A Short Course Book
Digital Desktop Studio Photography
The Complete Guide To Lighting and Photographing Small Objects with your Digital Camera

Using an External Flash

 
A handle mounted flash with remote control. Metz flash courtesy of Bogen.
 
 
Ring flash used in closeup photography. Courtesy of Nikon.
 
 
One new variant of the ring flash is Canon's Twin Lite that has two adjustable flash heads. It's almost like a camera mounted studio.
To increase the range of your flash, or to overcome the limitations of a built-in flash, you can add an external flash unit. When one of these flash units is designed to work with the camera model you are using, it's call a dedicated flash. The camera's exposure system controls both the internal and dedicated external flash by immediately cutting off the flash when the right exposure has been reached. Flash units not specifically designed to work with your camera usually fire at full-strength so you have to control the exposure using the camera's aperture setting. Dedicated flash units also zoom the beam of light they emit along with the lens. As you widen the angle of view, the flash beam expands to cover the increased area. As you zoom in, the flash beam narrows to retain coverage but increasing the useful range.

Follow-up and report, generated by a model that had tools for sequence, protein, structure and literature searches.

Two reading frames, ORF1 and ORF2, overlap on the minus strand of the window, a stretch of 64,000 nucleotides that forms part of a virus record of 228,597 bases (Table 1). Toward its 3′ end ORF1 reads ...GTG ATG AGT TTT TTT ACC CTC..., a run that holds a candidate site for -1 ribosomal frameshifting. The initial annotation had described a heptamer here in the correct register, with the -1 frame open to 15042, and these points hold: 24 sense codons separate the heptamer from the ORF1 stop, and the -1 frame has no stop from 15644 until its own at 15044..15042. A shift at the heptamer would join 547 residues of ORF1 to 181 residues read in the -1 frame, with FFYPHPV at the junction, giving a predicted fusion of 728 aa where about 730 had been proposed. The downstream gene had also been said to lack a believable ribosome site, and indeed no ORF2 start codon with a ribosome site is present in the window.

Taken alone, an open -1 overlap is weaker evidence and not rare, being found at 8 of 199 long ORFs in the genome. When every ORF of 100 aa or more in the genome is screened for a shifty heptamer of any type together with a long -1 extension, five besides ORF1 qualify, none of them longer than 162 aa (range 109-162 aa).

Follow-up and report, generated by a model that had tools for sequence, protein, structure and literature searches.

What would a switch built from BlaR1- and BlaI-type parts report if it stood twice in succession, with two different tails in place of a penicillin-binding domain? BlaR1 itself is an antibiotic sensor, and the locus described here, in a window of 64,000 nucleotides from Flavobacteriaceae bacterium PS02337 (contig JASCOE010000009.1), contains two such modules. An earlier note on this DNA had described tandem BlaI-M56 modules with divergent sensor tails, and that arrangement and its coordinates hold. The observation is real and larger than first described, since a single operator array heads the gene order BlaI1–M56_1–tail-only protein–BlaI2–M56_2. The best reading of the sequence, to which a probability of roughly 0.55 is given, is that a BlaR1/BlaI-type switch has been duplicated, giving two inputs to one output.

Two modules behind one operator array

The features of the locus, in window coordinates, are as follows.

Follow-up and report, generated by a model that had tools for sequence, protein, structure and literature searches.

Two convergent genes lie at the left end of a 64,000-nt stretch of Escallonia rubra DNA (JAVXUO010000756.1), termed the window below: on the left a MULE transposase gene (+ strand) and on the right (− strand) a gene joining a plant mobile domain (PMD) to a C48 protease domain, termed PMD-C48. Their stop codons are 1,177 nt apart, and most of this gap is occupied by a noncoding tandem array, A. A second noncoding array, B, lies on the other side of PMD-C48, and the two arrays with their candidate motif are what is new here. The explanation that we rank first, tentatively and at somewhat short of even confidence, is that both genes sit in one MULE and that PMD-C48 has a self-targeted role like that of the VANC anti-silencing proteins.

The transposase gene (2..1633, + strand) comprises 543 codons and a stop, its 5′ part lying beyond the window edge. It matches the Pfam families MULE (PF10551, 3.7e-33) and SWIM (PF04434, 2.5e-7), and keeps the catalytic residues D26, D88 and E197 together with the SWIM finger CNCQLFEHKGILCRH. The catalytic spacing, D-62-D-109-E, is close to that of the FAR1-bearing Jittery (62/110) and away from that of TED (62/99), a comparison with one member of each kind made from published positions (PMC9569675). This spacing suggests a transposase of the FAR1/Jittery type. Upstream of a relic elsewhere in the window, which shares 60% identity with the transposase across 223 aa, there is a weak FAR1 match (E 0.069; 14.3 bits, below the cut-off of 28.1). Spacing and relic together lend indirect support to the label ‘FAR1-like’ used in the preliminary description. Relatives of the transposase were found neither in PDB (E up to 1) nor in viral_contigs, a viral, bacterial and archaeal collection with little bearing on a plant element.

A dedicated shoemounted flash. Courtesy of Olympus.

One of the biggest advantages of an external flash is that you can swivel and rotate the flash head to bounce light off walls, ceilings, or reflectors. This softens the light, fills shadows, and spreads the light over a much larger area. Subjects in the background are much lighter than they would be with direct flash. Bounce flash travels a much longer path to the subject so it's range isn't as great as direct flash. You may find many rooms too large, or ceilings too high for bounce flash to work effectively unless there is something else large and bright to bounce the light off of. Bounce flash also consumes more of the flashes's charge, so recycle times get longer.

The two most common kinds of external flash units are the hot shoe mounted and handle mounted varieties. The handle-mounted flash units are usually more powerful.

A special kind of flash is the ring flash. These units fit around the lens and fire a circle of light on the subject. They are ideal for shadowless close-up photography common in medical, dental, and nature photography. Because ring flash is so flat (shadowless), most units allow you to fire just one side or the other so the flash casts shadows that show surface modeling on the subject. If you happen to be selling or collecting scorpions or fireflies, one side benefit of ring flash is that it freezes action. That frisky beetle or windblown blossom can be photographed as if it were frozen in time.



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